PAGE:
Most minor cuts and scrapes can be successfully treated at home. With the right wound care, you’ll find that most cuts and scrapes heal up quickly. However, if you don’t treat a wound properly, you may start noticing signs of infection.
That being said, knowing the basics of wound care can save you a lot of time and trouble. With the right skills and tools, you can avoid infection almost every time.
If you’re unsure about what to do in the face of a cut, scrape, or scratch, you’ve come to the right place.
Read on to learn the basics of wound care so that you can treat yourself, your kids, or your coworkers without a hitch.
Building Your Own Wound Care Kit
As we mentioned earlier, proper wound care starts with having the right tools on hand. By building your own wound care kit, you can stay prepared for any cut, scrape, or scratch that comes your way!
Here are some of the items we recommend for your wound care kit, which you can store in anything from a durable plastic bag to a large plastic pencil case:
- antiseptic wipes
- gauze pads for dressing and cleaning
- antibiotic cream or ointment (OTC products are fine)
- petroleum jelly
- adhesive bandages in a variety of sizes
- bandage rolls for larger wounds
- bandage tape (ie cloth tape)
- disposable sterile gloves
It is helpful to keep a wound care kit in your home as well as in your workplace. If you are embarking on a hiking or camping trip, we recommend bringing along a compact version of your wound care kit in case someone develops a wound on the trail.
Stopping the Bleeding and Cleaning a Minor Wound
The first step in caring for a minor wound is to stop the blood flow to the best of your abilities. You can do this by applying pressure to the wound using a clean piece of gauze. If the bleeding persists after a few minutes, use a bandage to hold the gauze in place, making sure that there is still pressure on the wound.
Once the bleeding ceases, it’s time to clean the wound. Start by running cool water over the affected area, using soap to wash the skin surrounding the wound (but not the wound, itself).
If there is any debris in the wound (like a splinter or gravel), use the tweezers to gently remove it. Note that before each use of the tweezers, you should clean them using rubbing alcohol or an antiseptic wipe.
Applying Topical Treatment
When the wound is clean and clear of debris, it’s time to apply a topical treatment. We recommend starting with your antibiotic cream or ointment, which will help prevent infection as the wound begins to heal.
Some people may have skin sensitivities or allergies that may lead to a rash or skin irritation when antibiotic creams are used. If this is the case or you notice a rash developing around the wound, use a thin layer of petroleum jelly, instead. This will keep the wound moisturized and reduce scarring while also creating a barrier that may reduce the risk of infection.
To Bandage or Not to Bandage?
Airing out a cut or scrape can help the skin to heal quickly. However, it’s often best to bandage a wound under certain conditions.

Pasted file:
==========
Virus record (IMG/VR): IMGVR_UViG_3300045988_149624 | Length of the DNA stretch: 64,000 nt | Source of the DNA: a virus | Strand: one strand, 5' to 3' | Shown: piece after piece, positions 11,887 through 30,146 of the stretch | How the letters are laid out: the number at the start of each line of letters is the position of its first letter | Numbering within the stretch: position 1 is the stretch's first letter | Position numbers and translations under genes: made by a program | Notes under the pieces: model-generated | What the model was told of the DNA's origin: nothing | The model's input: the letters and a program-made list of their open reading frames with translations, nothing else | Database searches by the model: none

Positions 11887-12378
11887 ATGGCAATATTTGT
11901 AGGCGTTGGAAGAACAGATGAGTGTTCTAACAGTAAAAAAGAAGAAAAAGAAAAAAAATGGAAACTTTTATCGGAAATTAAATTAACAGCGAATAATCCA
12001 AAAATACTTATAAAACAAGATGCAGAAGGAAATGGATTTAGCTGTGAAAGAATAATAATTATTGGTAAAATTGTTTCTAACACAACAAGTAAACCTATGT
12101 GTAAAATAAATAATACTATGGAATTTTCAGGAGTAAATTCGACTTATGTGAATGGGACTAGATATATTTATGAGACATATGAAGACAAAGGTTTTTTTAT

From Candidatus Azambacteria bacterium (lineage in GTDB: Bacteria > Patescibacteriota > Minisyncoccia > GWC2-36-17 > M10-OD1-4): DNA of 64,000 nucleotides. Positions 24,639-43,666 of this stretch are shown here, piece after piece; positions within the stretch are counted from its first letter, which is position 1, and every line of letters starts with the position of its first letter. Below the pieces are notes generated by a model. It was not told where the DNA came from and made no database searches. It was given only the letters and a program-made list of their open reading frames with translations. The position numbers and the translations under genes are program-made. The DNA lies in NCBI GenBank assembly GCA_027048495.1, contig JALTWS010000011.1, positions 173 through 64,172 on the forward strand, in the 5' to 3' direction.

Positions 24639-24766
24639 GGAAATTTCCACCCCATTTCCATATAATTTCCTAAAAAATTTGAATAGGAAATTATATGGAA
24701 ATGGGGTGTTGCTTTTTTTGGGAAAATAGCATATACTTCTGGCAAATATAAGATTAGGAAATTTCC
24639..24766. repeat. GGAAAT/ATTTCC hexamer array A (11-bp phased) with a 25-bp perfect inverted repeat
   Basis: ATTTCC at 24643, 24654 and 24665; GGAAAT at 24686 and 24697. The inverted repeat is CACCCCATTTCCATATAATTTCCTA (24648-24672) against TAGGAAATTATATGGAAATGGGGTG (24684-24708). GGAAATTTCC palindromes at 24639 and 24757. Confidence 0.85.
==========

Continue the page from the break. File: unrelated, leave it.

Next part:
For example, if the wounded person is at school or at work, a bandage is the way to go. Because they are expected to carry on their day-to-day duties while also touching surfaces and spending time around others, there is a higher risk of bacteria getting in an unbandaged wound. You should also apply a bandage to an area that is prone to get a lot of use, such as the hand.
If a cut or scrape has only affected the surface level of the skin, you may be able to avoid using a bandage altogether.
Minor Wound Aftercare
The way you treat a fresh wound will affect the way that wound heals and whether or not it becomes infected or leaves a lasting scar. However, it is important to focus on aftercare, as well.
Some wounds, like surface-level scrapes, may not need much aftercare. As long as you keep it clean and free of debris while the skin heals, it will take care of itself on its own.
However, deeper cuts and scrapes need more attention. The most important thing is to make sure you’re changing the bandage at least once a day. If a bandage becomes dirty or wet, change it regardless of how long it has been in use.
Recognizing the Signs of a More Serious Injury
Basic wound care will come in handy often, but there are still times when cuts and scrapes are more serious and require medical care. This is the case when a cut is unusually large or deep, a sign that stitches may be necessary.
One of the earliest signs that a wound is too serious for basic wound care is if it won’t stop bleeding after twenty to thirty minutes of applied pressure. Another sign that a wound requires medical attention is if it becomes infected down the road.
If you are concerned about a wound, look for your nearest MedNow Urgent Care or a comparable medical center. The earlier you receive medical care for a serious wound, the fewer complications you will face.
Basic Wound Care Always Comes in Handy
Having the tools and skills to handle basic wound care will always come in handy. Infections and other complications are often preventable as long as you know what to do!
Are you taking these new wound care skills to work? Are you looking for even more ways to innovate your workplace? Take a look at the rest of our content to find out how you can turn any business into a success story.